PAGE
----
What is Expansionary Monetary Policy and why is it Keynesian? (4/16)
Definition
 increasing money supply because production went up, so price goes up. Keynesian because it is focused on spending, shift right; reduced interest rates encourage Y (thru K and more) so econ expands
Term
 What is the Money Transmission Mechanism equation?
Definition
 Fed buys bonds=> MB => [goes through MM] MS => r =>  I => AE => AD ⇒shifts right (Keynesian)If Fed wants to step on gas, buys bonds. If Fed wants to slow down, it sells bonds.
Term
 What happens when Fed sells bonds (Contractionary Monetary Policy)? (4/16)
Definition
 Fed sells bonds=> MB => [goes through MM] MS => r =>  I => AE => AD ⇐shifts left If Y falls & general Prices fall (deflation) (Keynesian)
Term
 Why would Fed want to sell bonds? (4/16)
Definition
 To slow down the economy
Term
 What are 2 types of Hoarding that result from low interest rates? (4/16)
Definition
 1) Individual - People are hoarding when they don't put cash in bank because r is low, increasing multiplier 2) Banks hoard less ERR and loan more, increasing multiplier even more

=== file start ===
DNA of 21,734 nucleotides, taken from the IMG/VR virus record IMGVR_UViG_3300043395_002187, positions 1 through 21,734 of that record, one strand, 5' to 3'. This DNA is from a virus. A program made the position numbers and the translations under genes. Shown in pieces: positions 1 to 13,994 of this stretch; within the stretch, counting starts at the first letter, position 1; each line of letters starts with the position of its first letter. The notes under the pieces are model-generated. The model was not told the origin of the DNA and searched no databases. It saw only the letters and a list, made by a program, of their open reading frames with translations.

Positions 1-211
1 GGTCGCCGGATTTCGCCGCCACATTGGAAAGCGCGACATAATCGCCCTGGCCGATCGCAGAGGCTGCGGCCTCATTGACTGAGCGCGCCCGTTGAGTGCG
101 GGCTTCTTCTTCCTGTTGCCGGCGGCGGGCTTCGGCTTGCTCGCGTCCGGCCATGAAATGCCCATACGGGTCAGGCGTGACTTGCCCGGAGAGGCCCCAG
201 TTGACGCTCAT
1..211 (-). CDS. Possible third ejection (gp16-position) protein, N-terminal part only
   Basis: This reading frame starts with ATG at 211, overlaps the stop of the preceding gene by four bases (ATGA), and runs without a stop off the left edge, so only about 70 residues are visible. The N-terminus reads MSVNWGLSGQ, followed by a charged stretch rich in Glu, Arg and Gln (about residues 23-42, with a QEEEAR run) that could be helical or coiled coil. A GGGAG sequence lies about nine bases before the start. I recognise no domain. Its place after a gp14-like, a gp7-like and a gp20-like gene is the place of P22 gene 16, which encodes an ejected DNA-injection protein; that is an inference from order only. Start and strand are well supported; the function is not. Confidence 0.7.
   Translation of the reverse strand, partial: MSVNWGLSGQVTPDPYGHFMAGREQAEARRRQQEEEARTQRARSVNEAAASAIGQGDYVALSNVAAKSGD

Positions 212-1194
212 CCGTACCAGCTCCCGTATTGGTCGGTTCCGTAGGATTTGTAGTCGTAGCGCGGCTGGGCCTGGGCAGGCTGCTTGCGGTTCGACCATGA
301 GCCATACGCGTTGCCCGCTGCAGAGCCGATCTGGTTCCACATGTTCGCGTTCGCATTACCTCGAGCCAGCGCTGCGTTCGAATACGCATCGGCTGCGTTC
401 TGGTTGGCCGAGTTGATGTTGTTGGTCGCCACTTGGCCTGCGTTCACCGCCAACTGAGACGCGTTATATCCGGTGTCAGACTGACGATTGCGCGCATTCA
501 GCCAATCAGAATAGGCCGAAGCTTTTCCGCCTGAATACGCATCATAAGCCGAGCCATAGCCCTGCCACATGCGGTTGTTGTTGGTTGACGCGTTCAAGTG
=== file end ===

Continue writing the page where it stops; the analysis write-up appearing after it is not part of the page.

Term
 Draw a money market graph w/ upward sloping supply curve. (4/16)
Definition
Term
 Draw a Money Supply Curve (4/16)
Definition
Term
 Why is the Money Demand Curve negatively sloped? (4/16)
Definition
 when the interest rate falls, people want to carry more money; the price you pay to hold \$
Term
 How and why is the Supply Demand Curve affected by r? (4/16)
Definition
 If you hold cash in your pocket, and r is low, you don't lose much by doing so. If r is high, you make more \$ by keeping cash in bank. So high r = high MS
Term
 Explain: when r is high, MS is high; when r is low, MS is low. (4/16)
Definition
 1) When r is low, people hoard (keep cash on person, not in bank). If high, we put more \$ in bank, which goes through multiplier. Therefore, MS is higher. 2) Also, banks will hoard less (less ERR), and loan more, increasing multiplier even more